C# – Finding methods in source code using regular expressions


I have a program which looks in source code, locates methods, and performs some calculations on the code inside of each method. I am trying to use regular expressions to do this, but this is my first time using them in C# and I am having difficulty testing the results.

If I use this regular expression to find the method signature:


and then split the source code by this method, storing the results in an array of strings:

string[] MethodSignatureCollection = regularExpression.Split(SourceAsString);

would this get me what I want, ie a list of methods including the code inside of them?

Best Solution

I would strongly suggest using Reflection (if it is appropriate) or CSharpCodeProvider.Parse(...) (as recommended by rstevens)

It can be very difficult to write a regular expression that works in all cases.

Here are some cases you'd have to handle:

public /* comment */ void Foo(...)      // Comments can be everywhere
string foo = "public void Foo(...){}";  // Don't match signatures in strings 
private __fooClass _Foo()               // Underscores are ugly, but legal
private void @while()                   // Identifier escaping
public override void Foo(...)           // Have to recognize overrides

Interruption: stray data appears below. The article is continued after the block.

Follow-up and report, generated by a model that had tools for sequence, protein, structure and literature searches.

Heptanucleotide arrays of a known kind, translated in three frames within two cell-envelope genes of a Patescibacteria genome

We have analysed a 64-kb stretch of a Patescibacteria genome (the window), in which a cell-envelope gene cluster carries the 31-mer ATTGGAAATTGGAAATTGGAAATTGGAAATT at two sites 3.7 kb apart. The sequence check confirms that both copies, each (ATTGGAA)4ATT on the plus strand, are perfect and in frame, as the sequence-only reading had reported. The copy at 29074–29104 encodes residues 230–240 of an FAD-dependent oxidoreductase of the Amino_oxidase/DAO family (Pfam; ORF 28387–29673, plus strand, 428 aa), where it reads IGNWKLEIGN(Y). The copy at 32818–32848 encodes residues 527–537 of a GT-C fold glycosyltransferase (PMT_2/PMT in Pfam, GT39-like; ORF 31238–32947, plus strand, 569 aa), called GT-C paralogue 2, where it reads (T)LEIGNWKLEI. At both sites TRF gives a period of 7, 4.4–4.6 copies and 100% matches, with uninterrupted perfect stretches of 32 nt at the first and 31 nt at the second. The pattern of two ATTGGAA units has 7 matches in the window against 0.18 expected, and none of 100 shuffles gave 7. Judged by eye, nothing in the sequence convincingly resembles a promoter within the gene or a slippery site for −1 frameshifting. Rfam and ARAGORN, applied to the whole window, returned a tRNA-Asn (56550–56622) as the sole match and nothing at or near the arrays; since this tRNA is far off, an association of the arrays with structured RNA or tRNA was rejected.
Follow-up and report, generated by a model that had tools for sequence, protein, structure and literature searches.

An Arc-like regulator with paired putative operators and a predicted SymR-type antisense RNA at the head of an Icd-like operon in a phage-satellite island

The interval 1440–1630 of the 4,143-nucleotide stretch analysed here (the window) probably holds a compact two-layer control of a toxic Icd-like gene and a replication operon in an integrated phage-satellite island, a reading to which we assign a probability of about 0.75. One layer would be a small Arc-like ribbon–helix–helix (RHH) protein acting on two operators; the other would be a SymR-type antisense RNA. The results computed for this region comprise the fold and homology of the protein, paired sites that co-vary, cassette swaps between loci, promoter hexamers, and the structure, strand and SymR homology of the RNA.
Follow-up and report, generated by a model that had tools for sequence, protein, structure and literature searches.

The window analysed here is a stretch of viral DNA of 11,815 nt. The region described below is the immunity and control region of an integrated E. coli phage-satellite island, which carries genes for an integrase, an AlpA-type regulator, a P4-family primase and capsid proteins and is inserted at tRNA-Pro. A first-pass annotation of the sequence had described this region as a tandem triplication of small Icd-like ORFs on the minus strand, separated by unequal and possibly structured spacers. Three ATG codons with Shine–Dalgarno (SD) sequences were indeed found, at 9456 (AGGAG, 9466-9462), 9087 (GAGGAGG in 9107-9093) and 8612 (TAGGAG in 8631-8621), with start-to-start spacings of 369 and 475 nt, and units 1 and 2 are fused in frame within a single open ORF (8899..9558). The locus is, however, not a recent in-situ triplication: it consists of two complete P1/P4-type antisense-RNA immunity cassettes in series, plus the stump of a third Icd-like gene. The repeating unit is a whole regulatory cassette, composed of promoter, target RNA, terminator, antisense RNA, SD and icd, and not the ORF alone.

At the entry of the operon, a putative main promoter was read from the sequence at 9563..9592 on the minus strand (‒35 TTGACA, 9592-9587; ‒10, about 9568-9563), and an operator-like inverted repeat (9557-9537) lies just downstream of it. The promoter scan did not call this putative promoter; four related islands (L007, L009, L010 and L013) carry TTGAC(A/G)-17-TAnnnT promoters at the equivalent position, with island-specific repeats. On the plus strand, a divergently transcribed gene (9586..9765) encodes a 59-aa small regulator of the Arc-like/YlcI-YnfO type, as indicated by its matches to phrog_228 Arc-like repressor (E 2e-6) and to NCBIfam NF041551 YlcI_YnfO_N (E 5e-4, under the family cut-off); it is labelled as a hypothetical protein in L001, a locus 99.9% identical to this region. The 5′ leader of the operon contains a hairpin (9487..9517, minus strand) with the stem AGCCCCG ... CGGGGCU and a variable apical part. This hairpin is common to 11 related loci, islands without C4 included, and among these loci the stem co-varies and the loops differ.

void Foo();                             // Defaults to private
void IDisposable.Dispose()              // Explicit implementation

public // More comments                 // Signatures can span lines
    void Foo(...)

private void                            // Attributes
   Foo([Description("Foo")] string foo) 

#if(DEBUG)                              // Don't forget the pre-processor
    int Foo() { }


  • The Split approach will throw away everything that it matches, so you will in fact lose all the "signatures" that you are splitting on.
  • Don't forget that signatures can have commas in them
  • {...} can be nested, your current regexp could consume more { than it should
  • There is a lot of other stuff (preprocessor commands, using statements, properties, comments, enum definitions, attributes) that can show up in code, so just because something is between two method signatures does not make it part of a method body.